These are some of our most commonly asked questions about floor sanding and polishing!


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Floor sanding and polishing costs start at $35 – $60 per m², but prices can vary depending on the condition of the floor and variety of products needed. If there are additional damages to the floor, extra costs may apply. According to industry standards, the average cost of sanding and polishing a three bedroom house is around $2500 – $4500.

The job is specific to your floor, so the time frame will depend on the size and complexity of the job. Generally, jobs take between 2-4 days.

Floor staining costs vary from $15-25/m2, although the final cost depends on the specific condition of the floor. Floor limewash is the most complicated and difficult method, and prices can range from $50 to $60 per square metre.

Dark staining can help to brighten up and restore old floors, and is preferable to hide imperfections, blemishes, gouges, dents or scratches, and can create a cozy and warm feeling in the home. Classic stains such as cherry and brazilian walnut add an aura of formality and professionalism to the area and bring warmth to a large, open space.

Light stained wood is more durable when it comes to foot traffic, and is perfect for brightening up any space. We recommend light coloured wood flooring stains in rooms such as hallways and older homes with less natural light

Pets love to play and run, and when you’ve got puppies racing across your nice floors, they’re going to need a touchup eventually. In this post we will investigate pet-induced damages such as indentations in the floorboards, coating staining and deterioration and urine stains.

Of course, the main concern is damage to floors by scratch marks from dog nails. Different kinds of timber have varying levels of density and hardness; ranging from very hard, hard, moderately hard and soft. It does need to be remembered however, that even within a specific supply of timber, no two boards will be identical in hardness and density. Lower density or softer timbers are more susceptible to damage and indentation than higher density, and a prefinished floor with multilayer UV-cured lacquer may also be more resilient. (Atfa, Timber floors, 2021). Having said this, it is important to remember that no timber floor is guaranteed to be resistant to pet damage.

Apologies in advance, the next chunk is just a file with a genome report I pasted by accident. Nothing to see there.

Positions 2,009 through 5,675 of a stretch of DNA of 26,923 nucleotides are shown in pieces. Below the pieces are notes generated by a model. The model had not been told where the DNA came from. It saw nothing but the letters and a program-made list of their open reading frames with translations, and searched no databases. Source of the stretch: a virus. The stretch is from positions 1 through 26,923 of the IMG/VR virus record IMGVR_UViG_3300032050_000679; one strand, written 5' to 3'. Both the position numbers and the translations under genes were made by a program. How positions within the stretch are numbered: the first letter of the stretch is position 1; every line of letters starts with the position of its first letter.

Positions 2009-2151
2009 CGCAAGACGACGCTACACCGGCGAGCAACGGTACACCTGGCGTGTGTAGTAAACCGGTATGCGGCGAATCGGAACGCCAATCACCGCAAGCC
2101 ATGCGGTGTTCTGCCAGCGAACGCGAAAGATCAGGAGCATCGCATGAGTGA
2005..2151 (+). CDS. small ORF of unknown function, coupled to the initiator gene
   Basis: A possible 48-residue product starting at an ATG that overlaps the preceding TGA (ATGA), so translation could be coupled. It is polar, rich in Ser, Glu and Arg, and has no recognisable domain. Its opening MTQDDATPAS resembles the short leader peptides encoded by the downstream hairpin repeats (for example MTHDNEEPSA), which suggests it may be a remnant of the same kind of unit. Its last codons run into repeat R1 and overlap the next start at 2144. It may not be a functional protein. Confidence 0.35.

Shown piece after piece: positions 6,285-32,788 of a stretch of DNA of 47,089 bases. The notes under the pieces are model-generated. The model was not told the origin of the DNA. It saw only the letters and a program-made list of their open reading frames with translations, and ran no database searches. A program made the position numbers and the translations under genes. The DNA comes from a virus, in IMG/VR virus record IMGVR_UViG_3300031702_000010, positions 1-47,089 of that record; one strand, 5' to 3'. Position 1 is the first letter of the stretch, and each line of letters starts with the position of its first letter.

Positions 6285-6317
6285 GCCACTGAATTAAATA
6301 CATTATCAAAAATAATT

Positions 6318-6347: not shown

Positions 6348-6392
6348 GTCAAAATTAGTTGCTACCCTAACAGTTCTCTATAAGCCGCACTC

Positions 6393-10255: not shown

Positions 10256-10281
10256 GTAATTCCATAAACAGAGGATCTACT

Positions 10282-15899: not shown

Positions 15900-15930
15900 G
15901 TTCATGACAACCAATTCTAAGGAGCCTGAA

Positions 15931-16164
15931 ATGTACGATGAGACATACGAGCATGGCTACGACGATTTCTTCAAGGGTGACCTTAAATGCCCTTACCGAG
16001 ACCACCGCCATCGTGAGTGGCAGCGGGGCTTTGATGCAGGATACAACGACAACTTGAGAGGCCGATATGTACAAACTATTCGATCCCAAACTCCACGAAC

When it comes to how different sizes of dogs differently impact floors, it has been found that large dogs usually cause minimal damage, while smaller dogs cause significant impact to flooring. Level of activity of your dog, as well as how often pet nails are trimmed are also consequential factors in the quality of a floor. With such differentiating and unexpected facts, some owners can be mistaken into thinking the floor product or coating is of inferior quality.

Sanding is a much longer process compared to buffing. Sanding will remove the polyurethane sealant, stain and any damages or deep imperfections in the wood. Sanding will also remove certain stains from the floor, but in some cases, animal urine and water stains will not be able to be sanded out of the floor. Afterwards, the wood planks will also need to be re-stained and re-sealed.

Buffing, on the other hand, doesn’t touch the actual timber, so will not restore damaged floors but instead shines whatever polish or varnish is on your floorboards. Older floors in decent condition respond best to buffing, and it is best to buff newer floors just after they have been treated.

You should avoid walking on your floors for at least 24 hours to prevent damage while the coating is setting. Furniture can be replaced 72 hours after the final coat is applied. You should wait a few weeks before putting floor rugs back onto new floors to allow the coating to cure completely. Lift and place furniture rather than dragging to avoid scratching or leaving ruts in the new floor. We recommend that you add protective pieces of felt -which can be purchased at hardware stores- to the feet of furniture to minimise scratches and avoid leaving indentations.

Timber expands and shrinks naturally with seasonal air and temperature changes. For example, floor board gaps will be more noticeable in dry winters and will close again in humid summers, (Brisbane’s Finest Floors, 2018). We do not recommend gaps between floorboards be filled, as the natural changing in timber may cause cracks in the filler or floor.

The removal/storage of furniture is the responsibility of the owner/tenant. In some cases we can assist with small items on the day. If furniture can be stored onsite this is the most cost effective however, on street storage PODS or off-site storage may be more suitable depending upon amount/type of furniture.

Special note: Fridge, dishwasher and oven/stoves